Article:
Drive the colour from her cheek?" This noble ode leads the van of a Mr Longfellow understands how to ill collection of poems called, “By leave off-how to treat a subject so

Sail on,


that all is really said, yet the ear is “ Suspiria," solemn as the subject is, left listening for more. "By the the thought trembles on the verge of Fireside" is a series, of course, of the ridiculous. But, leaving these mere domestic sketches. The sub

poems, By the Seaside," and "By jects, however, do not always bear the Fireside," we shall find a better any distinct reference or relation to instance of this tendency to a certain this title. That from which we feel quaintness in another part of the most disposed to quote is written on volume before us. The * Old Clock some " Sand of the Desert in an on the Stairs" is a piece which invites Hour-Glass.” It has been always a a few critical observations. It is favourite mode of composition to let good enough to be quoted almost some present object carry the imagi- entirely, and yet affords an example nation, by links of associated thought, of those faults of haste and negligence whithersoever it pleased. This sort and incompleteness which even Mr of reverie is natural and pleasing, but Longfellow has not escaped. must not be often indulged in. It is too easy ; and we soon discover that any topic thus treated becomes endless, and will lead us, if we please,

L'éternité est une pendule, dont le balan

cier dit et redit sans cesse ces deux mots seuleover half the world. At length it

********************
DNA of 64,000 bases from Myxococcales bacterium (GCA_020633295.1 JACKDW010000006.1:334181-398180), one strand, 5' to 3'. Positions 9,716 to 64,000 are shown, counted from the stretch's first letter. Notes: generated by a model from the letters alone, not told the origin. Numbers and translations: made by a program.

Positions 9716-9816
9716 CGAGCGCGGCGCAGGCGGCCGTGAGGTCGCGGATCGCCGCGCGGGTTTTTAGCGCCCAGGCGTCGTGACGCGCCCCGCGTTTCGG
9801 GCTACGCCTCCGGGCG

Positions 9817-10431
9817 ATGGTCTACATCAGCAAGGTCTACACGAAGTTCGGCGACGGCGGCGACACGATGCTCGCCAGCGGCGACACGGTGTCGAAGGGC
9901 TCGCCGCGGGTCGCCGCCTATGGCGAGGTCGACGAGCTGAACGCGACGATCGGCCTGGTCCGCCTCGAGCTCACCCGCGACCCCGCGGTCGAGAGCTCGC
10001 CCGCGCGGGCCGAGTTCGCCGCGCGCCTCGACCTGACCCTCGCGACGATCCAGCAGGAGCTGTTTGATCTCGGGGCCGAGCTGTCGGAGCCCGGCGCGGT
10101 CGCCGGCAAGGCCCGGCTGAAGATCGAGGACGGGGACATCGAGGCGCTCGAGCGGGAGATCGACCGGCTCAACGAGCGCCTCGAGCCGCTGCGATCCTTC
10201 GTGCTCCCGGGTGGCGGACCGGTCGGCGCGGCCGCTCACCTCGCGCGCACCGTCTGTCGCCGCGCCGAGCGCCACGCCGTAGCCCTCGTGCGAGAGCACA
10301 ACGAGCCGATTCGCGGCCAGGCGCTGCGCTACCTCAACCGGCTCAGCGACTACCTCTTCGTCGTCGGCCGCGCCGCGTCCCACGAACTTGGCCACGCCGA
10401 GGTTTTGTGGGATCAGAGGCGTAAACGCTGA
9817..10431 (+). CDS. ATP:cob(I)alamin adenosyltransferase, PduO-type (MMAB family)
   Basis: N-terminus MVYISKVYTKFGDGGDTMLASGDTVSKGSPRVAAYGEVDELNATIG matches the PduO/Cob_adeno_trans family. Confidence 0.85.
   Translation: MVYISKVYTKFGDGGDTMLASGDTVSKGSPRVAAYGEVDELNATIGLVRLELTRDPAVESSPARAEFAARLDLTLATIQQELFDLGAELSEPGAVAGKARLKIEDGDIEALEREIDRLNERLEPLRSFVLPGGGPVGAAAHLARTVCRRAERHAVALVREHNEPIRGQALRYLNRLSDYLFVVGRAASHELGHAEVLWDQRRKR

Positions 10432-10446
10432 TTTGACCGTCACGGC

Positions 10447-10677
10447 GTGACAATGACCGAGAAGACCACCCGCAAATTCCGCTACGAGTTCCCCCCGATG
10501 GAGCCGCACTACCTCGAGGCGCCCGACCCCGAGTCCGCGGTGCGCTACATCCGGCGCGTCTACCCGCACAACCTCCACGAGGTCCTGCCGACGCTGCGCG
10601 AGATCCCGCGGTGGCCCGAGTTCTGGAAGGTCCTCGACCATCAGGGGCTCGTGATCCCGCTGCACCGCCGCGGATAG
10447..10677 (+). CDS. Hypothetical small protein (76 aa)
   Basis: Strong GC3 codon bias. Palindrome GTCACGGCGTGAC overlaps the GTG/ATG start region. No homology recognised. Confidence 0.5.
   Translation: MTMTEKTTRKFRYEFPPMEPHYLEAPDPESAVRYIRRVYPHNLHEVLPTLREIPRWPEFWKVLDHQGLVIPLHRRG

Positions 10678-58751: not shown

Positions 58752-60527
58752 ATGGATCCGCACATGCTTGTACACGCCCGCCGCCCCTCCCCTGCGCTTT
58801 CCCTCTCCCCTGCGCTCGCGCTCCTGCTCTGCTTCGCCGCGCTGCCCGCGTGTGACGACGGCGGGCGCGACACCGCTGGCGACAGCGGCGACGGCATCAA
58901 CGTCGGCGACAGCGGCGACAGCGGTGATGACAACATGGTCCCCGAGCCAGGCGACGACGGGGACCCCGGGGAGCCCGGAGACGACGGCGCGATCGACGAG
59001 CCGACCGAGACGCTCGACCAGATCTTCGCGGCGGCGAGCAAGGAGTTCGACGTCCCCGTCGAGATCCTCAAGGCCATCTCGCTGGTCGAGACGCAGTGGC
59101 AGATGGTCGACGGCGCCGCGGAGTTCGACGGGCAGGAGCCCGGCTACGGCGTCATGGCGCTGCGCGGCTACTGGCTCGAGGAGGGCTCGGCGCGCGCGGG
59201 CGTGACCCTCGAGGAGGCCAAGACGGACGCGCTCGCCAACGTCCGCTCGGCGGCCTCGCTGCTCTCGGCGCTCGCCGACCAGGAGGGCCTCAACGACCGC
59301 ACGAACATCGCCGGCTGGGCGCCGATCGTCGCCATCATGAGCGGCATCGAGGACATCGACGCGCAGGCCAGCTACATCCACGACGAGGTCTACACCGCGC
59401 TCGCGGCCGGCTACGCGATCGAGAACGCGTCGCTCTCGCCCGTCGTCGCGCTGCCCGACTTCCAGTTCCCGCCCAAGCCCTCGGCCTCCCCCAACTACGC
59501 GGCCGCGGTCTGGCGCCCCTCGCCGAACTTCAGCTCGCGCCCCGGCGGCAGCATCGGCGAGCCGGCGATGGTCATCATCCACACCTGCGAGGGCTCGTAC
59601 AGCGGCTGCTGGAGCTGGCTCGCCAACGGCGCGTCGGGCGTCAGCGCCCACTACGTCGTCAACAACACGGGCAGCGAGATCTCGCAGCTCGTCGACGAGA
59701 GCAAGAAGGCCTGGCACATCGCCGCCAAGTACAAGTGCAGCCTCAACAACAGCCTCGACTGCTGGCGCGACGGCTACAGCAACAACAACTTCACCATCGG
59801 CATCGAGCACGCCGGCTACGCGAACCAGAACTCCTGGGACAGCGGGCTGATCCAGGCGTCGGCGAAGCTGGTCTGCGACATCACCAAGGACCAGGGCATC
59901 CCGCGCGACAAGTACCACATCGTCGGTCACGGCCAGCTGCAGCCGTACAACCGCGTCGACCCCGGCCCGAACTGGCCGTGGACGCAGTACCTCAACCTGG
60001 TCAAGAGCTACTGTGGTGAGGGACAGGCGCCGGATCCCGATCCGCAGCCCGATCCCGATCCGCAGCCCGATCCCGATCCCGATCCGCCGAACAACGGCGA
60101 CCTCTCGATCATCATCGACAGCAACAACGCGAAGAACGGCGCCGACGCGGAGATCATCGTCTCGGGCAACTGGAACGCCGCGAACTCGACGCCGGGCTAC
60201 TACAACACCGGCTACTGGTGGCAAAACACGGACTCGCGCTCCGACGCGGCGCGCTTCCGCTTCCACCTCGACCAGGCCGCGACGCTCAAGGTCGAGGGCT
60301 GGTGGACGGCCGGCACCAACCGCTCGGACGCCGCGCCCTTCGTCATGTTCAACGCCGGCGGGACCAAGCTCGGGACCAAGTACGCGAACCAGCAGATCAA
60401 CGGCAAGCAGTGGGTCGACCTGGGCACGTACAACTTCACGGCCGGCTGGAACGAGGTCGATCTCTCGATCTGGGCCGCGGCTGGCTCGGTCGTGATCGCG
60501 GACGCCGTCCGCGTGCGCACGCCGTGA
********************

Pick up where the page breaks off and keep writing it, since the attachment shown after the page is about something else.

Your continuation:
ment dans le silence des tombeaux : 'Toujours ! becomes indifferent where we start

Jamais !--Jamais ! Toujours !'"-JACQUES from. Without witchcraft, one may BRIDAINE, ride on any broomstick into Norway. But the present poem, we think, is a

“ Somewhat back from the village street

Stands the old-fashioned country-seat: very allowable specimen of this mode

Across its antique portico of composition. The poet surveys Tall poplar-trees their shadows throw; this sand of the desert, now confined And from its station in the hall within an hour-glass; he thinks how An ancient time-piece says to allmany centuries it may have blown

· For ever-never!

Never-for ever!' about in Arabia, what feet may have trodden on it-perhaps the feet of Half-way up the stairs it stands, Moses, perhaps of the pilgrims to

And points and beckons with its hands,

From its case of massive oak, Mecca; then he continues

Like a monk who, under his cloak,

Crosses himself, and sighs, ' Alas !! * These have passed over it, or may have With sorrowful voice to all who pass passed!